YOU ARE HERE: Home > Government > NASA

This Week at NASA | Spacewalks Continue; Preview of Magnetic Mission; more

Uploaded 02/27/2015

Spacewalks Continue; Preview of Magnetic Mission; more

On Feb. 25, International Space Station Commander Barry Wilmore and Flight Engineer Terry Virts of NASA continued rigging power and data cables during the second in a series of three spacewalks to prepare for installation of two new docking ports for the future arrival of U.S. commercial crew spacecraft. The new docking adapters will begin arriving at the station later this year. During airlock repressurazation at the conclusion of the spacewalk, Virts reported seeing a small amount of water floating in his helmet. No water was reported during the EVA and the crew was never in any danger. The third and final spacewalk of the series is scheduled for no earlier than March 1. Also, Preview of magnetic mission, Earth is changing. We’re on it, Soil moisture satellite deploys antenna and Groundbreaking for commercial crew access tower.

 

TRANSCRIPT

 

U.S. spacewalks continue on ISS

On Feb. 25, International Space Station Commander Barry Wilmore and Flight Engineer Terry Virts of NASA continued rigging power and data cables during the second in a series of three spacewalks to prepare for installation of two new docking ports for the future arrival of U.S. commercial crew spacecraft. The new docking adapters will begin arriving at the station later this year. During airlock repressurazation at the conclusion of the spacewalk, Virts reported seeing a small amount of water floating in his helmet. No water was reported during the EVA and the crew was never in any danger. The third and final spacewalk of the series is scheduled for no earlier than March 1.

Preview of magnetic mission

NASA’s Magnetospheric Multiscale (MMS) mission was previewed during a Feb. 25 news briefing at NASA headquarters. Scheduled for launch March 12 from Cape Canaveral Air Force Station in Florida, MMS’s four identical Earth-orbiting spacecraft will work together to provide the first three-dimensional view of magnetic reconnection – a universal process during which magnetic fields connect and disconnect – producing explosive energy that can accelerate particles up to nearly the speed of light.

Earth is changing. We’re on it.

During a Feb. 26 media teleconference, NASA provided status updates on the five NASA Earth Science missions launched over the past 12 months. The five additions to the agency’s fleet of Earth-observing spacecraft is the biggest one-year increase in more than a decade. The scientific data and imagery produced by the various missions include new views of global carbon dioxide, rain and snowfall, ocean winds, and aerosol particles in the atmosphere.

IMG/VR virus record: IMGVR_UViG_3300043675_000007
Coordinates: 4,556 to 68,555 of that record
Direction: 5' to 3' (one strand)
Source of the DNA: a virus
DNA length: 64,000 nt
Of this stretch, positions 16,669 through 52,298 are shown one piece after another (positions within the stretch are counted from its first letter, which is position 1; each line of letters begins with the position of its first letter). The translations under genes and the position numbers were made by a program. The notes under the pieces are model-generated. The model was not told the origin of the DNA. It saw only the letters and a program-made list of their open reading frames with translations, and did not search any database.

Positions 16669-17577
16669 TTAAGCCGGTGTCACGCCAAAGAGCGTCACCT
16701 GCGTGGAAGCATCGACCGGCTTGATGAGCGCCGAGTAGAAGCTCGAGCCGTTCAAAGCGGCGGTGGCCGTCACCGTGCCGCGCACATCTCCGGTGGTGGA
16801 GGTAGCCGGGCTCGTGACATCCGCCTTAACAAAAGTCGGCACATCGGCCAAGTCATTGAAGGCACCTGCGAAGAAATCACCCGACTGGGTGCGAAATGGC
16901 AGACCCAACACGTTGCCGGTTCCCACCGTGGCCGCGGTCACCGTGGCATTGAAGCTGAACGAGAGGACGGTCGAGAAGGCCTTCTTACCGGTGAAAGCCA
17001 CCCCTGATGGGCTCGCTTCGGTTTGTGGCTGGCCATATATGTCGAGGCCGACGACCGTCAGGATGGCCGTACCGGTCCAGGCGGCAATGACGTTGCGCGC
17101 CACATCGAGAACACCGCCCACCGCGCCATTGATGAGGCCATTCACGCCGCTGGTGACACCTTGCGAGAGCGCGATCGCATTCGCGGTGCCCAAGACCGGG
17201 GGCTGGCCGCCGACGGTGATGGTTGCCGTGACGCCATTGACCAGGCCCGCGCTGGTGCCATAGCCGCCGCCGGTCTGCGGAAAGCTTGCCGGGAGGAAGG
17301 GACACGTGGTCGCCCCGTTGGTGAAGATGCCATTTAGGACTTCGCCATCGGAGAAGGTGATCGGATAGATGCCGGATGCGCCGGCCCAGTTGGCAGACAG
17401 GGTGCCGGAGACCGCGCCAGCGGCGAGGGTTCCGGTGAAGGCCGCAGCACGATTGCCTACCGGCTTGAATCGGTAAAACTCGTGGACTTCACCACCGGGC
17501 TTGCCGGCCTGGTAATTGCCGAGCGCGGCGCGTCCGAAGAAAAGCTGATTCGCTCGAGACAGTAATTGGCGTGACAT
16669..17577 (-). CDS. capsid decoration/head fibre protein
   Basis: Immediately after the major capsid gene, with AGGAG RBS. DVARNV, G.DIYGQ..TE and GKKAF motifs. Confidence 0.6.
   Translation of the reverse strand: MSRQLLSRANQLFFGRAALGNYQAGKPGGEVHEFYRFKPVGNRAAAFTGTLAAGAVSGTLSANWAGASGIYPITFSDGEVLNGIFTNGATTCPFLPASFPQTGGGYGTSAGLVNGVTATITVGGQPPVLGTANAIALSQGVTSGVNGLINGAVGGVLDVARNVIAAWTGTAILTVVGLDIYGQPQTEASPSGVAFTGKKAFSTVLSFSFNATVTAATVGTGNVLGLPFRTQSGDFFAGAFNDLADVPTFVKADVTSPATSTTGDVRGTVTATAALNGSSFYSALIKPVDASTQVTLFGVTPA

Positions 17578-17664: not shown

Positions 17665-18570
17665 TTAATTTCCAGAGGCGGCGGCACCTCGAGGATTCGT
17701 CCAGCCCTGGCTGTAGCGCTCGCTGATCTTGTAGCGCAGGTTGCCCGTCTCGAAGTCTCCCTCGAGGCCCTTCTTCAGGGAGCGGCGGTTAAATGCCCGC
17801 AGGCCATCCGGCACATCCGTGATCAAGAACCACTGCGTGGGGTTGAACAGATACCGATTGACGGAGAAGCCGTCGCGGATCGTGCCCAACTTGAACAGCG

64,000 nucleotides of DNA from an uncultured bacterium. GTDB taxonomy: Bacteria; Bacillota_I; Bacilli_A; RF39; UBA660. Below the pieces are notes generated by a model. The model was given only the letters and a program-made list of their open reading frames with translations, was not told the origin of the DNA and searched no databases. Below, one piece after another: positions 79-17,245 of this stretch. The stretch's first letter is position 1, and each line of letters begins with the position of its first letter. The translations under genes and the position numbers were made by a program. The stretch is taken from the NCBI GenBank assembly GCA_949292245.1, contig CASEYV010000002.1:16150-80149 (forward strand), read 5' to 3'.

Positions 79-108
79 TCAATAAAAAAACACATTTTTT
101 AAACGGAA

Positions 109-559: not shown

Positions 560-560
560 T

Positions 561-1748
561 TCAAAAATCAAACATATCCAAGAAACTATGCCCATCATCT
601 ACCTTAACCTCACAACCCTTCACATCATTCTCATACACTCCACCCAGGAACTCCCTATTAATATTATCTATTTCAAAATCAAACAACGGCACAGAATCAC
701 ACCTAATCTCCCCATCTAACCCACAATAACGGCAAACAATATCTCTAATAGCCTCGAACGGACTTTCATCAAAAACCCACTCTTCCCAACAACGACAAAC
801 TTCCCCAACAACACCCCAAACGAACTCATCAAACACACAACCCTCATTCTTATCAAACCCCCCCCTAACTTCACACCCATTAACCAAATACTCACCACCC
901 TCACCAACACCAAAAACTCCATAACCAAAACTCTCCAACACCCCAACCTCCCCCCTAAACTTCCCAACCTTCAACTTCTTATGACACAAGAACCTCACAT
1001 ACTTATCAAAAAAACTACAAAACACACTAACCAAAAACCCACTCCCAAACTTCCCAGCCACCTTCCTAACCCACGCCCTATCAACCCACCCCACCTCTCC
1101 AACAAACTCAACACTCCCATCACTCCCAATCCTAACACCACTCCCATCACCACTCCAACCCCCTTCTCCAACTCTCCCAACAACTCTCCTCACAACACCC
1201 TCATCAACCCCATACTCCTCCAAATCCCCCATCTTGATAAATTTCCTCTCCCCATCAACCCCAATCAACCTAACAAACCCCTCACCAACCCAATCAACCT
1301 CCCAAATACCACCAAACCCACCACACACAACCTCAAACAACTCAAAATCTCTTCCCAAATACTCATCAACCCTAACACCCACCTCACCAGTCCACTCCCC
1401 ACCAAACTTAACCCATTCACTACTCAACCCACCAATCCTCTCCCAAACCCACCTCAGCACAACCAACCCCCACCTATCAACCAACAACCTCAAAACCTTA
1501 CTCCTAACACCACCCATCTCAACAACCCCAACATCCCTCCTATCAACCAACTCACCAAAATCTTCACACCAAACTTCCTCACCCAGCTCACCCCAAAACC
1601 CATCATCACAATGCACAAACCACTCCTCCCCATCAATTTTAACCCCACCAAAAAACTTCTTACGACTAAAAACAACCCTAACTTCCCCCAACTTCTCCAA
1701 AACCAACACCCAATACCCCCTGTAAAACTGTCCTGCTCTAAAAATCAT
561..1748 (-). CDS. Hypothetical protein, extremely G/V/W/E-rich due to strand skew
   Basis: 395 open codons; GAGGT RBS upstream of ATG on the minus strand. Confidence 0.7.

Soil moisture satellite deploys antenna

The Soil Moisture Active Passive (SMAP) mission, launched Jan. 31 from California’s Vandenberg Air Force Base, is the most recent of NASA’s five new Earth Science missions. Following a successful checkout phase, the satellite recently deployed its instrument boom and 20-foot-wide reflector antenna, a key milestone on its mission to provide global measurements of soil moisture – helping to improve our understanding of Earth’s water, energy and carbon cycles.

Groundbreaking for commercial crew access tower

Marking one of many steps it is taking to fly NASA astronauts to and from the International Space Station, Boeing, along with United Launch Alliance recently held a groundbreaking ceremony for the first new crew access structure to be built at Cape Canaveral Air Force Station since the 1960s. The new 200-foot-tall structure will be assembled over the next 18 months at Space Launch Complex 41 and service test pilots, support personnel and astronauts boarding the CST-100 spacecraft Boeing is developing to fly crews to and from the ISS.

And that’s what’s up this week @NASA.

 

 

(c)2015 NASA | SCVTV
No Comments for This Week at NASA: Spacewalks Continue; Preview of Magnetic Mission; more

Comments are closed.

Newest Uploads

See latest uploads here

%d bloggers like this: